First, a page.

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A collection of five stories involving cab drivers in five different cities. Los Angeles - A talent agent for the movies discovers her cab driver would be perfect to cast, but the cabbie is reluctant to give up her solid cab driver's career. New York - An immigrant cab driver is continually lost in a city and culture he doesn't understand. Paris - A blind girl takes a ride with a cab driver from the Ivory Coast and they talk about life and blindness. Rome - A gregarious cabbie picks up an ailing man and virtually talks him to death. Helsinki - an industrial worker gets laid off and he and his compatriots discuss the bleakness and unfairness of love and life and death. Written by
Ed Sutton <email@example.com>
In terms of perspective on life, these comic-philosophic taxi rides may be the most uplifting scenes in Jarmusch's oeuvre. The first of five segments (in L.A.) deals with Winona Ryder (in a broad, self-conscious performance) as a cab driver who picks up Gena Rowlands, who wants to put her in a movie. Rowlands is subtle and complex: she's a rich bitch with a soft side, but we don't know if she's the former because she's a player or if she's the latter because she wants to use Ryder. What Jarmusch is going for is to contrast the social classes -- he has an obvious, unfunny line where Ryder's character says she's never been to the executive terminal at the airport before -- but what's really interesting is seeing, since Jarmusch is usually a male-oriented director, how he handles women (one a tomboy, one in a position of power).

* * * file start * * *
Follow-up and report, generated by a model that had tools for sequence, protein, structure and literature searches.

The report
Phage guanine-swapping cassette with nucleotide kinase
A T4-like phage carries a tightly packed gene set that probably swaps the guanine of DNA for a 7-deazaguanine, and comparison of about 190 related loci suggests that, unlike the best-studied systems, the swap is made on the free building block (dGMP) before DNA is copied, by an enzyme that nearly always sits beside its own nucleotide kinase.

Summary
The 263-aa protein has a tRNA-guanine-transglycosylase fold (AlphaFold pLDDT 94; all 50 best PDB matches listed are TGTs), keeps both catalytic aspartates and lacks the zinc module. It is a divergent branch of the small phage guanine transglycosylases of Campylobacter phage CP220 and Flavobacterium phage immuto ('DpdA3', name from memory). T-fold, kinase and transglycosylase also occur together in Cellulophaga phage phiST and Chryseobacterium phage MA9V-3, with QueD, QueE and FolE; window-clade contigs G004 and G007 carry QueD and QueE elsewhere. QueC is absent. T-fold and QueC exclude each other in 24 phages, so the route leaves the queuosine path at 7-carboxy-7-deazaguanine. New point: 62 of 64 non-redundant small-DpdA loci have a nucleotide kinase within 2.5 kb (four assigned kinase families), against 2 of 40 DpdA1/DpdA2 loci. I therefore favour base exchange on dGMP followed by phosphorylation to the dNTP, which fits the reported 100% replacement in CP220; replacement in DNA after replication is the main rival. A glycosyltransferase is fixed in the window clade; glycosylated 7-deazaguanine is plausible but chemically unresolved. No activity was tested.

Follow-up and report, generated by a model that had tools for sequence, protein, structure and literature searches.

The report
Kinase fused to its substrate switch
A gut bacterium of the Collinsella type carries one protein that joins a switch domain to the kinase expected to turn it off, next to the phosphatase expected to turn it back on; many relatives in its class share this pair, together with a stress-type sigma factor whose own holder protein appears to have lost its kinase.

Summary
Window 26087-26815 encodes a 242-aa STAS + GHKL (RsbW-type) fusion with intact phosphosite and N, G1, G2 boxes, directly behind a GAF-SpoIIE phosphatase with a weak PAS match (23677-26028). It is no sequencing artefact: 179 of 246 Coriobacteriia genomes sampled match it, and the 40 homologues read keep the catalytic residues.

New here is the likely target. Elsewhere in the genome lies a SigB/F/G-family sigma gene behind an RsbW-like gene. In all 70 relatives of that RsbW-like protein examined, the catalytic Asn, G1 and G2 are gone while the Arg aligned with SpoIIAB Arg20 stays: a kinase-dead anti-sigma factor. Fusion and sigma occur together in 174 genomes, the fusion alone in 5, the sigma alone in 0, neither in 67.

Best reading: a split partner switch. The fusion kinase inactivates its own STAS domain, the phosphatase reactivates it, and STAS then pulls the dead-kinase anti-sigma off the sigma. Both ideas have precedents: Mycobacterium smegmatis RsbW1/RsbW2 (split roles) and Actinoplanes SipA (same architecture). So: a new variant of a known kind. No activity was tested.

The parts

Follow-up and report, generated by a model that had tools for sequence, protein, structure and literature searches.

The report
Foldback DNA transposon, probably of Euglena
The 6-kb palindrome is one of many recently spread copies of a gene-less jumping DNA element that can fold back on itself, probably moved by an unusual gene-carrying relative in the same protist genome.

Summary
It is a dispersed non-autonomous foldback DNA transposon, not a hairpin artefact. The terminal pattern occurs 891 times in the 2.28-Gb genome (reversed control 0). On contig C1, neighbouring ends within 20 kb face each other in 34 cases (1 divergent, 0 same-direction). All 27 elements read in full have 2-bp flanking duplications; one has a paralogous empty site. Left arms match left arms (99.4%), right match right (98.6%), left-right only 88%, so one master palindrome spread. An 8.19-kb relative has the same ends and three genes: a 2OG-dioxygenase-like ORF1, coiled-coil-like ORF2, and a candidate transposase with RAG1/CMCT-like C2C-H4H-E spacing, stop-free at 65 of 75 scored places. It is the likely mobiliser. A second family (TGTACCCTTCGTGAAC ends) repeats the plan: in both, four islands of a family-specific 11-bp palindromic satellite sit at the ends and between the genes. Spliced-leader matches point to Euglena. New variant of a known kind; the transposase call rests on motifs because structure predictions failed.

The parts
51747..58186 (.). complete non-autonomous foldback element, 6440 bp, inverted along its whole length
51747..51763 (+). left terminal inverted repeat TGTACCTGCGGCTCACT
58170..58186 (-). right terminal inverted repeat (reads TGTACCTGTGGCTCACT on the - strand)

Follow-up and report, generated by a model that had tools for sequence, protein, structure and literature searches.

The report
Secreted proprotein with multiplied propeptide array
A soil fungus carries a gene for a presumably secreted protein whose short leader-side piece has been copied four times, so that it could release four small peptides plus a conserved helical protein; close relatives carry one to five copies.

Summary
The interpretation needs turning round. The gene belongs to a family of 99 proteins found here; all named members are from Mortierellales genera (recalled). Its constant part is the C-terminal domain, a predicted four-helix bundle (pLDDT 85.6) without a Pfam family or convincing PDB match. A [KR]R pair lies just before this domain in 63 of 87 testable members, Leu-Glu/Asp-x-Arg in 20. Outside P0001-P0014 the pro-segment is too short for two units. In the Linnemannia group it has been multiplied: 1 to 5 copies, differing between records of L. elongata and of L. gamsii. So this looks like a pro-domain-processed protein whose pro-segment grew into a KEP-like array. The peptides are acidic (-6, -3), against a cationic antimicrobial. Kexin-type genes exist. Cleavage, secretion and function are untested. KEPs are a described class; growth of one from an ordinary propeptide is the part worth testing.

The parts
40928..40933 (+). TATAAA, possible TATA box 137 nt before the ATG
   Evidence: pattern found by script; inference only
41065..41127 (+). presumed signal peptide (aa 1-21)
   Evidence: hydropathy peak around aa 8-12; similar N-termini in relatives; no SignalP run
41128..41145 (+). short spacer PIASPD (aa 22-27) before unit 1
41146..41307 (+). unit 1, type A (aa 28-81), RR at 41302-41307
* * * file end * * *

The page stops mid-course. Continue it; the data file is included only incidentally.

It's obvious that the little idea of a movie about four taxi cab drivers is just a thin story that gives Jarmusch an excuse to work with certain actors, like Rowlands, whose late, great husband he adores. He goes for cultural miscommunication in the New York story (which is the film's most tender and brotherly), the warring cultures within a city, where a black man (Giancarlo Esposito) who can't land a cab fights with his Puerto Rican girlfriend while being badly driven around by former circus clown (Armin Mueller-Stahl, in a goofy, charming performance). Jarmusch makes brilliant statements on race and color in the Paris segment, with a sassy blind woman who's aware of what her driver is thinking of her -- and who turns our expectations on their head twice, without coming back to where we started. Benigni, who doesn't play the clown, is nevertheless the funniest in the Rome ride: he talks aloud to himself and outdoes and predates "American Pie" by almost a decade. The final, Helsinki section is the most powerful. When the cabbie tries to one-up the sob story by one of his three passengers, the conclusion seems to be that he wins; the two conscious passengers seem to think their unconscious friend's troubles are insignificant, as if they can't both be sad. 7/10
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